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HIV Criminalization in the United States

Since the onset of the AIDS epidemic in the early 80s, public health officials and lawmakers have proposed legislative approaches to prevent HIV transmission at both the national and state level. lawmakers have tried to address this issue using punitive measures by enacting laws that criminalize high-risk behaviors linked to negligent HIV exposure. Twenty-five states criminalize behaviors that increases the risk for HIV exposure; and some states include low-risk behaviors like oral sex. Most of these laws were enacted before the emergence of antiretroviral therapy, and the laws do not account for other preventative measures such as condom use and pre-exposure prophylaxis (PreP).

States also criminalize intentional STD exposure, but typically result in short sentences (rarely exceed thirty-four months). Similarly, all states have assault and battery laws and other criminal statutes that can be used to prosecute high-risk behaviors that can lead to negligent HIV exposure. Despite its intention, state laws further sanction and stigmatize those with HIV. In addition to criminalizing certain behaviors, state law also determines the maximum sentences for violating HIV-specific statutes. The CDC reports that eight states issue sentences for HIV-specific violations between eleven and twenty years in prison; while two states impose longer sentences (greater than twenty years), and two may impose up to life in prison.

LGBTQ advocates outline how many of these laws were rooted in homophobia but gained traction by claiming to promote public health. Not only do they have a disproportionate effect on LGBTQ individuals, but these laws have a disparate impact on women and people of color. Aware of this discriminatory effect, the California legislature introduced Senate Bill 239 in February 2017. This bill reduces HIV transmission from felony to misdemeanor and repeals mandated criminal penalties for donating blood, organ, and breast milk while being HIV-positive. Unfortunately, not many states have followed suit.

Experts in AIDS research have long resisted these laws, claiming that they are ineffective and unwarranted. Linda-Fail Bekker, a professor of medicine at the Desmond Tutu HIV Foundation says, “in many cases, these misconceived laws exacerbate the spread of HIV by driving people living with, and at risk of, infection away from treatment services.” The science of dispelling HIV stigma is insufficient to end HIV criminalization. Lawmakers must consider the overarching human rights principles and advance public health efforts and education to adequately address the criminalization of HIV in the US.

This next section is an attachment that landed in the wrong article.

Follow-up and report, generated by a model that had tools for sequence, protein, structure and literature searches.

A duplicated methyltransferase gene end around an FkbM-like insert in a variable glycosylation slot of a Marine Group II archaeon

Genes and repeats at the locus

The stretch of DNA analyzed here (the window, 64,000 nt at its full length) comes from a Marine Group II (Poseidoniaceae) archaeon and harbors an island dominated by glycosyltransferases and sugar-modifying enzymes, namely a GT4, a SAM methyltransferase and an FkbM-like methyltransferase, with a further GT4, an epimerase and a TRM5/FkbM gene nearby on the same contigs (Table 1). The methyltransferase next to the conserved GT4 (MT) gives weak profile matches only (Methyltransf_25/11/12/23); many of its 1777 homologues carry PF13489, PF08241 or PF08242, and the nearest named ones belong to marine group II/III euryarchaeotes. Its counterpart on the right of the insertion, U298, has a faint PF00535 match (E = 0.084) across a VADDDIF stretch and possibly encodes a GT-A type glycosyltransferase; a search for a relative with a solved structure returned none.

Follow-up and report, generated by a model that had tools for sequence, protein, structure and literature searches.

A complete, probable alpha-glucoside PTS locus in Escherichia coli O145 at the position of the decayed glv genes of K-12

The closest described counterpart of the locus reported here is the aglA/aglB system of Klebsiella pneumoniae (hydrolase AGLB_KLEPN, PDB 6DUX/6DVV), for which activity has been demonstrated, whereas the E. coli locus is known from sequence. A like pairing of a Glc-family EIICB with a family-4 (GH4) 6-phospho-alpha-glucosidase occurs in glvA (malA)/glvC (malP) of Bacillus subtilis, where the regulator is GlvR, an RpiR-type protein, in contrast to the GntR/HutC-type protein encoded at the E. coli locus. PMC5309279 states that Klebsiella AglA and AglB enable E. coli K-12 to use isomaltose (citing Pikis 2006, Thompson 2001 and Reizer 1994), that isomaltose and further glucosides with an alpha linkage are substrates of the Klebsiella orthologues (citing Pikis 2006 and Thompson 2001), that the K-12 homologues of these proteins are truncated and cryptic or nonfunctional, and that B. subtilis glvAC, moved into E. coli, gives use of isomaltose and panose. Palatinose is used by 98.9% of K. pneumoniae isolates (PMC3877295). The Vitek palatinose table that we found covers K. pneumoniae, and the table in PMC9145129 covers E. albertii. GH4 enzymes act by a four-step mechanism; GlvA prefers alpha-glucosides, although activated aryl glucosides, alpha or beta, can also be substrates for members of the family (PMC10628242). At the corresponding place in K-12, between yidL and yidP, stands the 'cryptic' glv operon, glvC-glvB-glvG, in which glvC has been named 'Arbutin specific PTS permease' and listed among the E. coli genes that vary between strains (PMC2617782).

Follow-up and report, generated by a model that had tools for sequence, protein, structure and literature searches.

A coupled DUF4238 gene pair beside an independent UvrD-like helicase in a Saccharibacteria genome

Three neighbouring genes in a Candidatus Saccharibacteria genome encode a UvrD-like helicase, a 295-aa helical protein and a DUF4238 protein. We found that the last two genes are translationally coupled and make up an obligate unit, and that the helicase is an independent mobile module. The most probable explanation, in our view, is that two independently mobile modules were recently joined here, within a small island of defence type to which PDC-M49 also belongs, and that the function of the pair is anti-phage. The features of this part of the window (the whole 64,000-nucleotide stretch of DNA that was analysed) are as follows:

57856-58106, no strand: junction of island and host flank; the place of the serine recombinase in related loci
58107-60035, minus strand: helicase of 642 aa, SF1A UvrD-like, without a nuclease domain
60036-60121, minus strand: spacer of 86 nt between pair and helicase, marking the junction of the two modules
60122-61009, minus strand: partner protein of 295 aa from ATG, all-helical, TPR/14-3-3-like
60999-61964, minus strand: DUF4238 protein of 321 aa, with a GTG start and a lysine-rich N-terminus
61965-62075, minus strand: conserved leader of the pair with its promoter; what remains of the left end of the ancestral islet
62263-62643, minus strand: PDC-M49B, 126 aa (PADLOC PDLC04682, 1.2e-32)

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FDA Regulation of Underage ENDS Use and the Incidence of Fatal Lung Disease.

The Food and Drug Administration (FDA) has tightened its regulation of e-cigarettes and other electronic nicotine delivery systems (ENDS) since it promulgated a rule extending existing tobacco regulations to ENDS in August of 2016. Many of these regulatory developments occurred under former FDA Commissioner Scott Gottlieb with the objective of curbing widespread underage use of ENDS and continue even after Gottlieb has resigned his post as commissioner.

In September 2019, the Trump administration asked the FDA to ban flavored e-liquids amid a surge in underage use of ENDS, and as hundreds of cases of life-threatening or sometimes fatal ENDS-related lung illnesses occurred. Studies have indicated a strong likelihood that flavored e-liquids draw teenagers to ENDS use, so this ban could be an important step in lowering underage ENDS use in those who already use the devices, and in deterring other minors from experimenting with nicotine use in the first place.

However, the FDA’s previous attempts to restrict the availability of a wide array of e-liquid flavor options were unsuccessful. Underage use of ENDS has been a problem for several years, but support for this regulatory measure has only grown substantially in the months leading up to September 2019. The difference in support appears to be related to the numerous instances of illnesses and deaths caused by ENDS-related lung disease in recent months which is a separate problem from the ongoing issue of ENDS use by teenagers.

Where instances of teen use of ENDS are often linked to lax online sales policies and the appeal of flavored e-liquid, investigations by the CDC and FDA have linked many of the recent instances of lung illness to the use of illegally tampered with vaping products. Because of the differences in the causes of these problems, they might not both be solved by a ban on most of the currently available e-liquid flavoring options. Many of the products associated with serious lung injury and death have been bought illegally online and have been adulterated by third parties. The adulterated ENDS components frequently contain compounds, such as cannabidiol and tetrahydrocannabinol, found in marijuana. Therefore, the new flavor regulations promulgated by the FDA do not directly address the increase in ENDS-related lung illnesses.

Banning many flavors in e-liquids and other ENDS components, can have a positive impact by addressing problems with underage use of these products. However, many supporters of the new rules expect a decline in the instance of life-threatening ENDS-related lung illness to occur as a result of the restrictions of e-liquid flavors. Such a decline might not occur until the devices causing lung illness are removed from the stream of commerce. Therefore, more restrictions on the availability of illegal ENDS products online could help to address this issue going forward.

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Google, Fitbit, and the Sale of Our Private Health Data